A Writer, Not a Worker

July 25, 2015 — 7 Comments
Copyright Will Worthington, from the DruidCraft Tarot

Copyright Will Worthington, from the DruidCraft Tarot

There’s a story, possibly apocryphal, about the poet T.S. Eliot.

He was a bank clerk before becoming a renowned poet, and apparently insisted on being a bank teller.   His friends and people who’d read his poetry told him he was being ridiculous; he was a poet, he should write poetry, not work at a bank.

But he for some reason insisted–no.  He would work in a bank.  He even convinced himself he liked working in a bank, that it was important for him to ‘make his own way’ and write poetry on the side.

I get that sentiment, actually.  It’s not so much that one thinks ones art isn’t very good; rather, rugged male individualism and the absurd thought that you must first have yourself taken care of through your own means before you try to do something you really want is pretty engrained in the American mind, and Eliot was an American after all.

Anyway, the story goes that Eliot’s friends raised a stipend for him to write so he could quit the bank clerk position, yet even still he refused, insisting that he really, really made a good bank clerk.

So they harassed him, showed up at the bank, and forced him to quit and become a poet instead.

 

Wanna help force me to quit my social work job?  I’ve started a Patreon profile, where people donate small amounts of money monthly to an artist to help them do just that.  And if you do, I give you cool things in return (besides gushing with gratitude).

And if I reach $200 of pledges per month, I’ll put in my two-weeks notice to my low-paid, very stressful social work job and go part-time.  And I’m frightfully not far from that goal already.

There are higher goals, but that’s the trigger.  At $400, I can work 3 days a week, which means four days a week of writing, which means I become more a writer and less a social-worker.  And more time to write means I have more time to create stuff that might be paid by others (including editing two fiction manuscripts I’ve written, and finishing my Pagan Anti-Capitalist book, The Spectre & The Whore).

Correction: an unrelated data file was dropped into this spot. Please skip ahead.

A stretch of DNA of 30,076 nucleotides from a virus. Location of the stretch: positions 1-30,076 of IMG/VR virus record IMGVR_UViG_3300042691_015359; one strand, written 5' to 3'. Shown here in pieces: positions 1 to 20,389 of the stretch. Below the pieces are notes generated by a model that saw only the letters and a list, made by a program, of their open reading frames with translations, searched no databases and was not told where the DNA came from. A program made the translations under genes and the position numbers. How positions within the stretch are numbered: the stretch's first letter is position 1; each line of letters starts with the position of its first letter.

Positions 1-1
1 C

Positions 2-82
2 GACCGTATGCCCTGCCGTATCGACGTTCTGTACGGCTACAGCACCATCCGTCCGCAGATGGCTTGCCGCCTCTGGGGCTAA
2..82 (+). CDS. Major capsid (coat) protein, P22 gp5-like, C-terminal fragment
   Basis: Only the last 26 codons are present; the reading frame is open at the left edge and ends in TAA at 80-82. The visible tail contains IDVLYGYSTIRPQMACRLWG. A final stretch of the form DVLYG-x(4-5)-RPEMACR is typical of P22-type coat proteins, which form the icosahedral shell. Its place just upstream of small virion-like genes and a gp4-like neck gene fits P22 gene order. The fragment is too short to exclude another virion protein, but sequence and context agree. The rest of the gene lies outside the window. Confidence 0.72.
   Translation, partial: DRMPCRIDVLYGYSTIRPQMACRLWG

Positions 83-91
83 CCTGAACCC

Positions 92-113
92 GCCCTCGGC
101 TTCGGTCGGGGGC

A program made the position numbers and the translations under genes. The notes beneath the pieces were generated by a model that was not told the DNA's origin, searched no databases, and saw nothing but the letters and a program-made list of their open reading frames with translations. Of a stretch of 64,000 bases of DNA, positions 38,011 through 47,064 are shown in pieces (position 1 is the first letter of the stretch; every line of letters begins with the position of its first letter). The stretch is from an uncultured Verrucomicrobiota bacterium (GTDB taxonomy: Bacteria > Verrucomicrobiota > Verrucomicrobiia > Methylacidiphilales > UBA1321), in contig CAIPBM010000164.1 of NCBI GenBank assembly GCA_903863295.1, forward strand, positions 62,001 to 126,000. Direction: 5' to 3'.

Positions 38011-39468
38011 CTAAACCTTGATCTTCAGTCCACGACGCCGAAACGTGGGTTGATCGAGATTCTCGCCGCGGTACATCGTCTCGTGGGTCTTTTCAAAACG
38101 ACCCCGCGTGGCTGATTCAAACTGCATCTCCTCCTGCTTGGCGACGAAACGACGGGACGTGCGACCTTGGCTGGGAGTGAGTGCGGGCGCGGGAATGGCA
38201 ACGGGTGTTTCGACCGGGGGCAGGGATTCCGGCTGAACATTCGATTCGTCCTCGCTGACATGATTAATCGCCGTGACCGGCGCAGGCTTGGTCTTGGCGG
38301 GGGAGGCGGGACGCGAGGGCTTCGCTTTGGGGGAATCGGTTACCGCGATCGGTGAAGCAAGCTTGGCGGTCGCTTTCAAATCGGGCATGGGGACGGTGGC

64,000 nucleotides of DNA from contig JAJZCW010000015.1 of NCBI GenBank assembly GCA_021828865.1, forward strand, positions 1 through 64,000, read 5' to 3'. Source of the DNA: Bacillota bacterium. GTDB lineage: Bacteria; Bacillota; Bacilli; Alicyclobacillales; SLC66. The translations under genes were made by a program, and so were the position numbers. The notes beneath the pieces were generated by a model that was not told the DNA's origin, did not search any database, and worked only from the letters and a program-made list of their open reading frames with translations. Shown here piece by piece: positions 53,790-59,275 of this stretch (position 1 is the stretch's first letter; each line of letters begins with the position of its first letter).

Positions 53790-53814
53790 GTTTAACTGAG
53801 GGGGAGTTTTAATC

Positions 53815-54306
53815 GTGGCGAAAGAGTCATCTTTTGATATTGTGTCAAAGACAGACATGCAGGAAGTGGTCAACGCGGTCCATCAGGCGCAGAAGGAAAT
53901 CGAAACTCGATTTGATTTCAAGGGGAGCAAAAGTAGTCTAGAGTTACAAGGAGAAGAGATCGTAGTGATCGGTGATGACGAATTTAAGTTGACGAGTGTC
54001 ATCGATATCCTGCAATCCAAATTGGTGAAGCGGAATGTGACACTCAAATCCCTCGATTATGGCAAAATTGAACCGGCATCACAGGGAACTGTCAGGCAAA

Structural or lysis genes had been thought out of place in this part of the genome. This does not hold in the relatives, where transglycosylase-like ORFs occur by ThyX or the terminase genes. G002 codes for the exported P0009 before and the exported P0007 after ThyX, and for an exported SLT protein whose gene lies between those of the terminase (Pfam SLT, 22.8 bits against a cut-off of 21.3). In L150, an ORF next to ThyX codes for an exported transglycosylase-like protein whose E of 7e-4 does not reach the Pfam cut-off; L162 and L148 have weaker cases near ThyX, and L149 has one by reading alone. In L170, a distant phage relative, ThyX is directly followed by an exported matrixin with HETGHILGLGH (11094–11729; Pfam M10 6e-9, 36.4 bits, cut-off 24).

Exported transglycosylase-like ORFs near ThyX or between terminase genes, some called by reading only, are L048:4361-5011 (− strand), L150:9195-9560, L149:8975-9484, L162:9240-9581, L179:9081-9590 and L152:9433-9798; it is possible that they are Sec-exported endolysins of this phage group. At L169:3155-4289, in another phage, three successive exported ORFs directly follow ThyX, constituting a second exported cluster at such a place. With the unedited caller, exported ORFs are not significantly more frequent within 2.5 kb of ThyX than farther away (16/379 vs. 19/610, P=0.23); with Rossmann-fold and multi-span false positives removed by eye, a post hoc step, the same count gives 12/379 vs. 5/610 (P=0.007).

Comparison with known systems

That time also frees me up to make the projects I’m already working on better, including Gods&Radicals.  I do all the work for that on my lunch-breaks at work, or late at night after work in my attic.

 

And either way, you should totally watch the really scary video I made for it.

 

Thanks, and be always well!

7 responses to A Writer, Not a Worker

  1. 

    If I wasn’t struggling to keep a roof over my head I’d pledge, because I really enjoyed the book you sent me and the stuff you write for Gods & Radicals. People definitely need to pay you to write.

  2. 

    Reblogged this on Trees in the Train Station and commented:
    An elegant way of getting around the fly in the oinment of wanting to devote oneself to more worthwhile pursuits than office work, but still requiring a certain level of income in order to have even a basic ‘modern style’ subsistence living. Having the strength of your convictions in the art your make or the things you write probably helps too, something Rhyd will likely always have an abundnace of.

  3. 

    I would seem to be the first to say but I’m certain I’m not the only one who thinks as much; I’m pretty sure you can count on folks coming together to go beyond the bare minimum that you need.

  4. 

    I will look at my finances and see what I can do. I wish you all the best either way .

  5. 

    Congratulations on having the guts to do this. I see you’re nearly up to $200 already and getting very close to going part time with your social work. I really hope you get the support you need. You deserve it 🙂 I’m particularly looking forward to ‘The Spectre and the Whore’.

Trackbacks and Pingbacks:

  1. To Give Fehu | Trees in the Train Station - July 30, 2015

    […] Hunt, Paganarch, A Sense of Place, Gods & Radicals and all around general fame put up a brief annecdote about T.S Elliot which led into the results of his, one presumes given the choice of annecdote, being convinced by […]

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